Friday, December 15, 2017

Before Dan Ryan Expressway (I-90+I-94)

14 lanes of traffic, local and express shoulders, a rapid transit line in the median, and ramps wiped out a lot of homes. (In the case of the Eiesenhower (I-290), it destroyed not only homes but neighborhoods because it split the neighborhoods.) You can tell that road building in the 1950s and 60s did not have to write an Environmental Impact Statement. Actually, at the time this destruction of homes was viewed as urban renewal, and the decision makers thought they were doing the residents a favor by building high-rise housing and "clearing the slum." I think all of the high-rise housing, in turn, has been "cleared." The high rise apartments with long halls turned out to be a social experiment that failed. I've read that the elevators were not maintained. It got to the point where police and paramedics did not want to go into the buildings.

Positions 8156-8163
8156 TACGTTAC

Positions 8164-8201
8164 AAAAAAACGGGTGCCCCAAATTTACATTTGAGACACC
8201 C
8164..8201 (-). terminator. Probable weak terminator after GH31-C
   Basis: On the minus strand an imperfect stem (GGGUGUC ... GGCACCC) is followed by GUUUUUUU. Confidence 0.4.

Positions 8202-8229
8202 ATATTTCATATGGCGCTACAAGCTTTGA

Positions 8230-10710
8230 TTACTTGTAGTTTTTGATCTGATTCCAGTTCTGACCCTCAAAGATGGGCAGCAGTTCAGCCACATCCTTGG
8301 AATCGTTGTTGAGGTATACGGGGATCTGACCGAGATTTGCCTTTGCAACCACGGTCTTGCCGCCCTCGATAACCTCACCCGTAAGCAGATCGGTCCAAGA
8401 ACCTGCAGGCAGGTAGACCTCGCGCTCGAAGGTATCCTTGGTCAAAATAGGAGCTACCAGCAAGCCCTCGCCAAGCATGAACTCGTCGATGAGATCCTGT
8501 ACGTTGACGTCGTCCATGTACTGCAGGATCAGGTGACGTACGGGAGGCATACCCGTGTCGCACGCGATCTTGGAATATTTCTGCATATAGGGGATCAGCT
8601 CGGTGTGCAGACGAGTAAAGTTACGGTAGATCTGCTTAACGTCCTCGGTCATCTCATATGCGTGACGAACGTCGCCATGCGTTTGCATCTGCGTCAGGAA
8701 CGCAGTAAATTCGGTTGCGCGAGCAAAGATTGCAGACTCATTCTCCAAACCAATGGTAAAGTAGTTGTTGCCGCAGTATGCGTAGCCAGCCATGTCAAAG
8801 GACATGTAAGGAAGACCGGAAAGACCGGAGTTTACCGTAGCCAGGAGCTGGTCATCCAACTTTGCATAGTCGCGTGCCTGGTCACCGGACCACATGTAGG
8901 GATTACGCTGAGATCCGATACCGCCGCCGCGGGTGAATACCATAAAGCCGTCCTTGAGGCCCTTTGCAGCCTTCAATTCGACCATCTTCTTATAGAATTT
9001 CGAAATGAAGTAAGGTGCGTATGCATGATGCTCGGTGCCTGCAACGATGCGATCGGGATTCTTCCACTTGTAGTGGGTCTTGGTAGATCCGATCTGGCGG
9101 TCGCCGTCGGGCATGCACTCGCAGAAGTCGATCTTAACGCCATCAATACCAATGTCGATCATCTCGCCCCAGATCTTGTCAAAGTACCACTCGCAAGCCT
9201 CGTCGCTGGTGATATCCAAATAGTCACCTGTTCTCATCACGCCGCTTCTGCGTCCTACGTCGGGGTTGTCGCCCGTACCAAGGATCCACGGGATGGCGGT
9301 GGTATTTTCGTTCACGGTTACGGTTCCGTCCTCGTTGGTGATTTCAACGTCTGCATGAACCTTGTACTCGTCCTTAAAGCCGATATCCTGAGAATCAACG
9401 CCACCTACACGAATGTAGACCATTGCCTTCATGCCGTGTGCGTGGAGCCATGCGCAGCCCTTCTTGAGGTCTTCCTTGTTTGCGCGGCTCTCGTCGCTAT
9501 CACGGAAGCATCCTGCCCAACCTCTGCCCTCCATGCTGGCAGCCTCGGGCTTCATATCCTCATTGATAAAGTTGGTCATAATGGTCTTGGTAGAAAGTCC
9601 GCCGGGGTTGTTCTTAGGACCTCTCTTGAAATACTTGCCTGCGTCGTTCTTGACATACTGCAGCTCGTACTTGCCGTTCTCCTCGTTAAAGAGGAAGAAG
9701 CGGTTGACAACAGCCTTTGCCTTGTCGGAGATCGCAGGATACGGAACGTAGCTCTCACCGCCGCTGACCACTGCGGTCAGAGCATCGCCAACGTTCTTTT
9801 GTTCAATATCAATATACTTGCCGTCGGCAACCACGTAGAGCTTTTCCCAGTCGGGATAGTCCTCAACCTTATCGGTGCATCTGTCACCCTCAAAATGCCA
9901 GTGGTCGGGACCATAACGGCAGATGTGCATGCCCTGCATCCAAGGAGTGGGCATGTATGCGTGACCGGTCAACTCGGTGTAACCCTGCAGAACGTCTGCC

Bob Kalal posted
Track-side tenements on the south side of Chicago. (1944) You can see Comiskey Park in the background

Jim Arvites posted
View of a Rock Island passenger traveling through the southside of Chicago with the old Comiskey Park in the background circa 1945.
(Old-Time Baseball Photos)
[There are quite a few comments about the coal haze.]
The smokestacks and water towers in the background west of Comiskey indicates that there used to be quite a bit of industry over there. Comiskey Park Homeplate shows the new White Sox ballpark was built south of the old one. Google Maps has the new name for the ballpark, Guaranteed Rate Field, but it still labels all the parking lots as US Cellular Field.

John Smith posted
old sox park the good one before the built that ugly one .. 1950

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